A judge in Colorado who will play a pivotal role deciding whether gays should be allowed to wed in the United States asked pointed questions Thursday about whether Oklahoma can legally ban the unions.

    April 17, 2014

  • Obama shows skepticism on Russia in Ukraine

    President Barack Obama conveyed skepticism Thursday about Russian promises to de-escalate a volatile situation in Ukraine, and said the United State and its allies are ready to impose fresh sanctions if Moscow doesn’t make good on its commitments.

    April 17, 2014

  • Cyber cops: Target hackers may take years to find

    Secret Service investigators say they are close to gaining a full understanding of the methods hackers used to breach Target’s computer systems last December.

    April 17, 2014

  • Court to weigh challenge to ban on campaign lies

    As political campaigns begin to heat up, the Supreme Court is deciding whether false accusations and mudslinging made during an election can be punished as a crime.

    April 16, 2014

  • Auto Show Nissan Hot _Cast.jpg Hot models at this year’s New York Auto Show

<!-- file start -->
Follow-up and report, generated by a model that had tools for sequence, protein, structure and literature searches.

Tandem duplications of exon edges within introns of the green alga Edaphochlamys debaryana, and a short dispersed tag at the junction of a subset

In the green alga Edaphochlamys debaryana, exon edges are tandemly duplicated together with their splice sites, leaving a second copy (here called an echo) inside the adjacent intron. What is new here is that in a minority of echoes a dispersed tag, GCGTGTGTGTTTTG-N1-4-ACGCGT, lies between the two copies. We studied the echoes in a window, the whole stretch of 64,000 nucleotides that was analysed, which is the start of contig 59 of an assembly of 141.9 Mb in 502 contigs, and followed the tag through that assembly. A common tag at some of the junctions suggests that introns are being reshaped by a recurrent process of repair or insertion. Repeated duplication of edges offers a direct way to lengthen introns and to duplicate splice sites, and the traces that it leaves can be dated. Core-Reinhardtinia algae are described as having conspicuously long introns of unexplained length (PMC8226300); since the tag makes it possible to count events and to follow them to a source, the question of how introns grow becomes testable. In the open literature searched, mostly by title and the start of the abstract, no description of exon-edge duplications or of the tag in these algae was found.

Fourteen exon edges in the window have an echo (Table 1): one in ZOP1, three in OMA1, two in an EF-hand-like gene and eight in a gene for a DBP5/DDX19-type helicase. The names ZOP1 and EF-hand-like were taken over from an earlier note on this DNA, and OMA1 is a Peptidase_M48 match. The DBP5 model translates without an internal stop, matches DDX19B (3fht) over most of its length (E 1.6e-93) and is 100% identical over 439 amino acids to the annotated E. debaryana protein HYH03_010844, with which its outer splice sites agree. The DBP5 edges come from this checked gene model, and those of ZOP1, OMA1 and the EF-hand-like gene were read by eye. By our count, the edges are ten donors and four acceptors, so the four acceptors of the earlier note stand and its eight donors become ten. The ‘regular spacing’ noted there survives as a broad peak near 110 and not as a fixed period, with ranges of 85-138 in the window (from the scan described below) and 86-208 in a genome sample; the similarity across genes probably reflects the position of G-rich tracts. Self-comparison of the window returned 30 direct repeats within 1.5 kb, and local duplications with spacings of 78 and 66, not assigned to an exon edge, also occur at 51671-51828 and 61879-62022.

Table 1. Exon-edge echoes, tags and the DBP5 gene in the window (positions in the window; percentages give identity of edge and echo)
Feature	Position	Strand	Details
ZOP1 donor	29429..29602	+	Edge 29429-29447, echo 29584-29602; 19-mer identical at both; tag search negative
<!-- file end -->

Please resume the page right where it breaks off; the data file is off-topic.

With more than 1 million visitors annually, the New York International Auto Show is one of the most important shows for the U.S. auto industry.

    April 16, 2014 3 Photos

  • Transportation Blues 2.jpg Congress is giving states the transportation blues

    On the road in a tour bus this week, the U.S. transportation secretary is spreading some bad news: the government’s Highway Trust Fund is nearly broke.

    April 15, 2014 2 Photos

  • Report: Russia withheld intel before Boston attack

    A yearlong review of information the U.S. intelligence community had prior to the Boston Marathon bombing found that the investigation could have been more thorough.

    April 11, 2014

  • Obama Health Secretary.jpg Obama announces Sebelius resignation, successor

    President Barack Obama praised outgoing Health and Human Secretary Kathleen Sebelius for helping to steer his health care law’s comeback after a rocky rollout, even as he nominated a successor aimed at helping the White House move past the political damage.

    April 11, 2014 1 Photo

  • Police seek driver in deadly Florida day care crash

    As mourners trickled by Thursday to honor the 4-year-old girl who was killed and 14 others injured in a crash at a Florida day care, authorities scoured the state for the driver they said fled in the vehicle that caused the fatal wreck.

    April 10, 2014